As we travel across the country, we are raising awareness for two causes: Amyotrophic Lateral Sclerosis (ALS) or Lou Gehrig’s Disease and Hunger and Homelessness in America. These are causes we are passionate about. We are looking for opportunities to educate others as we travel by donating our time as well as through this blog and on our social media sites.
We have partnered with the ALS Therapy Alliance for their Breakthrough ALS campaign.
The Breakthrough ALS fundraising campaign was established in 2013 by the ALS Therapy Alliance (ATA) to replace their successful Researching a Cure campaign, which ran for 11 years.
The new campaign name is a bold call to action for raising funds and creating awareness of Amyotrophic Lateral Sclerosis (ALS). ALS is a nerve disorder that leads to paralysis and death within four to six years, and will afflict between 300,000 to 750,000 Americans alive today. There is no cure and the cause is unknown.
Through fundraising and partnership efforts – including a partnership with CVS/pharmacy the largest corporate donor to ALS research in the U.S. – over the last decade, the ATA has raised over $30 million for ALS research.
The ATA is committed to creating awareness of this disease, fundraising with its strategic partners and galvanizing communities of people to help make a difference. For more information and to make a donation, visit www.BreakthroughALS.org.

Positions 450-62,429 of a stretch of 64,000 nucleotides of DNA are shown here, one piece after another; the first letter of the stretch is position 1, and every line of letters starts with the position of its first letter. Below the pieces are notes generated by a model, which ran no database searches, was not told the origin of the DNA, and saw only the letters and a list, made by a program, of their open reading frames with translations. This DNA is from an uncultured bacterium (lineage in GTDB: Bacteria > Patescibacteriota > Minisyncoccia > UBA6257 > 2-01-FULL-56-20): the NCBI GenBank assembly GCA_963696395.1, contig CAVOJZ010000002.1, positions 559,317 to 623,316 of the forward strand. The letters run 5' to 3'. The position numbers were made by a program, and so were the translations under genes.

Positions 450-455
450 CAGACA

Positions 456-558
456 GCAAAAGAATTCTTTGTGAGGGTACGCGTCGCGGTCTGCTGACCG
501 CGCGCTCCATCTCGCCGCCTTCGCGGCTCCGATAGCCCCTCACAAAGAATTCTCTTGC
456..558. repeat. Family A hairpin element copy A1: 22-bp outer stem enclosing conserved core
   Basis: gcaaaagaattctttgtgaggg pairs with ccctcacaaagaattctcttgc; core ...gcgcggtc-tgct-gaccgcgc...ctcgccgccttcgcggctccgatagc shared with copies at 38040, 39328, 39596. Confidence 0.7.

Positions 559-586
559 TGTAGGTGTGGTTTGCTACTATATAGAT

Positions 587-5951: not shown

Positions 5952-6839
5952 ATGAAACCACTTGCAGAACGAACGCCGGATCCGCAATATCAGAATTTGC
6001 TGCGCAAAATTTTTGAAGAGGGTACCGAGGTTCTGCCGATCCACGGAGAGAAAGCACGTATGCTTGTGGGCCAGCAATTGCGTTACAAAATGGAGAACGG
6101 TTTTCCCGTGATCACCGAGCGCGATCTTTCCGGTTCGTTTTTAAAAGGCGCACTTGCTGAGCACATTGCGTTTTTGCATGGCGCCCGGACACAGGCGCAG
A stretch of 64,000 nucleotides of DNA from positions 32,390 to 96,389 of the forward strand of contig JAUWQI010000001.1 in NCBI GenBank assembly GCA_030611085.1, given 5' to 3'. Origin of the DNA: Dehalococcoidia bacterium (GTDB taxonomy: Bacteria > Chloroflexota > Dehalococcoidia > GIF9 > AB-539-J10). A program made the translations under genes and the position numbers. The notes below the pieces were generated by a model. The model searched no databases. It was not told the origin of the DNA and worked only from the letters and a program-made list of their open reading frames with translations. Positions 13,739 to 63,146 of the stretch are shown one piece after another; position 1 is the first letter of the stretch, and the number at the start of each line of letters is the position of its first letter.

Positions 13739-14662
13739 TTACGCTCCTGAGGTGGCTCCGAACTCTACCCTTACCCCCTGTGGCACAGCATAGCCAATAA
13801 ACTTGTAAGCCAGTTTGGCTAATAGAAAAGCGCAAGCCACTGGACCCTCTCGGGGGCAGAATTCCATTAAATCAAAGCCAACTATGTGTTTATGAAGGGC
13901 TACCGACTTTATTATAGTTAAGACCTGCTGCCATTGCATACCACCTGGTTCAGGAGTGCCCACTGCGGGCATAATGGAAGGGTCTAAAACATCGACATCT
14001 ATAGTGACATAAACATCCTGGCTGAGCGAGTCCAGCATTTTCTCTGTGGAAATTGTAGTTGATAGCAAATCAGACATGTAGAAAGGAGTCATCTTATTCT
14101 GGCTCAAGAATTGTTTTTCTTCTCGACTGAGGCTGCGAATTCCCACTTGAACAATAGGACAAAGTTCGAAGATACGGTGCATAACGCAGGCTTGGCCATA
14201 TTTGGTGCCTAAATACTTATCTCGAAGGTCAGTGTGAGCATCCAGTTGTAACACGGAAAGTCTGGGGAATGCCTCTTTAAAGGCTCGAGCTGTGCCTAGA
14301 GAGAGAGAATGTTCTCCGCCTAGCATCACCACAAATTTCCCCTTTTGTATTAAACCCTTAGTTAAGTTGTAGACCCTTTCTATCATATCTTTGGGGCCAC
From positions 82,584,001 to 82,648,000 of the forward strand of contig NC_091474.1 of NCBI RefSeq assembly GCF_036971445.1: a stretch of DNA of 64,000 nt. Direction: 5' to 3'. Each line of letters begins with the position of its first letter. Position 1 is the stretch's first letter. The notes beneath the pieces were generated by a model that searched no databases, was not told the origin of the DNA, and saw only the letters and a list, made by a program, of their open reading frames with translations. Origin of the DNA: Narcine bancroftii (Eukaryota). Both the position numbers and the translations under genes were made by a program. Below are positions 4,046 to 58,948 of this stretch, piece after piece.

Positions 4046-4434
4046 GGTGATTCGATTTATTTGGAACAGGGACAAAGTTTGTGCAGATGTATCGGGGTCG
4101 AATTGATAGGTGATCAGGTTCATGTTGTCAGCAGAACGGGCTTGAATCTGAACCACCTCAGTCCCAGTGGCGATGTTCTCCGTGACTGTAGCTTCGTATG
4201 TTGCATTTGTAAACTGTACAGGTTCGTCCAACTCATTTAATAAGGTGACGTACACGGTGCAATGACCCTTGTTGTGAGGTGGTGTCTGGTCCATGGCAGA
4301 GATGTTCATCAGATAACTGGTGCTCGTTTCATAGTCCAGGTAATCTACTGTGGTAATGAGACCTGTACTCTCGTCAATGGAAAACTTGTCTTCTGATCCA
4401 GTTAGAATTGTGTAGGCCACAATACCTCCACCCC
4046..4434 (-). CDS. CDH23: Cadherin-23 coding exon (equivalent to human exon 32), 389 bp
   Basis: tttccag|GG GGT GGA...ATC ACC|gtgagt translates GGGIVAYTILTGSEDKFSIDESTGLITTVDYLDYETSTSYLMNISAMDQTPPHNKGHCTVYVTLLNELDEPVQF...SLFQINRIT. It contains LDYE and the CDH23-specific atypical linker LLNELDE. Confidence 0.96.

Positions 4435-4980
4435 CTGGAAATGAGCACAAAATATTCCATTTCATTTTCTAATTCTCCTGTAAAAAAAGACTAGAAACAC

We are still searching for a national organization to partner with for creating awareness of Hunger & Homelessness in America. Please contact us if your organization is interested in a partnership with Family Travel Stories.
According to the National Coalition for the Homeless, the official poverty rate was 15.0% in 2011. There were 46.2 million people in poverty. Homelessness and poverty are inextricably linked. Poor people are frequently unable to pay for housing, food, childcare, health care, and education. Difficult choices must be made when limited resources cover only some of these necessities. Often it is housing, which absorbs a high proportion of income that must be dropped. If you are poor, you are essentially an illness, an accident, or a paycheck away from living on the streets.
Major factors that account for increasing poverty:
- Lack of Employment Opportunities
- Decline in Available Public Assistance
- Lack of Affordable Health Care
- Domestic Violence
- Mental Illness
Who Experiences Homelessness?
- HUD found 610,042 individuals to be homeless on a single night in January 2013. Most homeless persons (85%) are individuals while 15% of homeless persons are in family households.
- 33% of all homeless people were youths under the age of 24.
- 57,849 veterans, overwhelmingly 92% male, were homeless on a single night in January 2013. 60% were residing in shelters or transitional housing programs, while 40% were without shelter.
- 48% of homeless individuals (without families) were found to be living without shelter.
- Families experiencing homelessness made up 50% of those who were sheltered.
- Five states, California (22%), New York (13%), Florida (8%), Texas (5%), and Massachusetts (3%), accounted for more than half of the homeless population in the United States in 2013.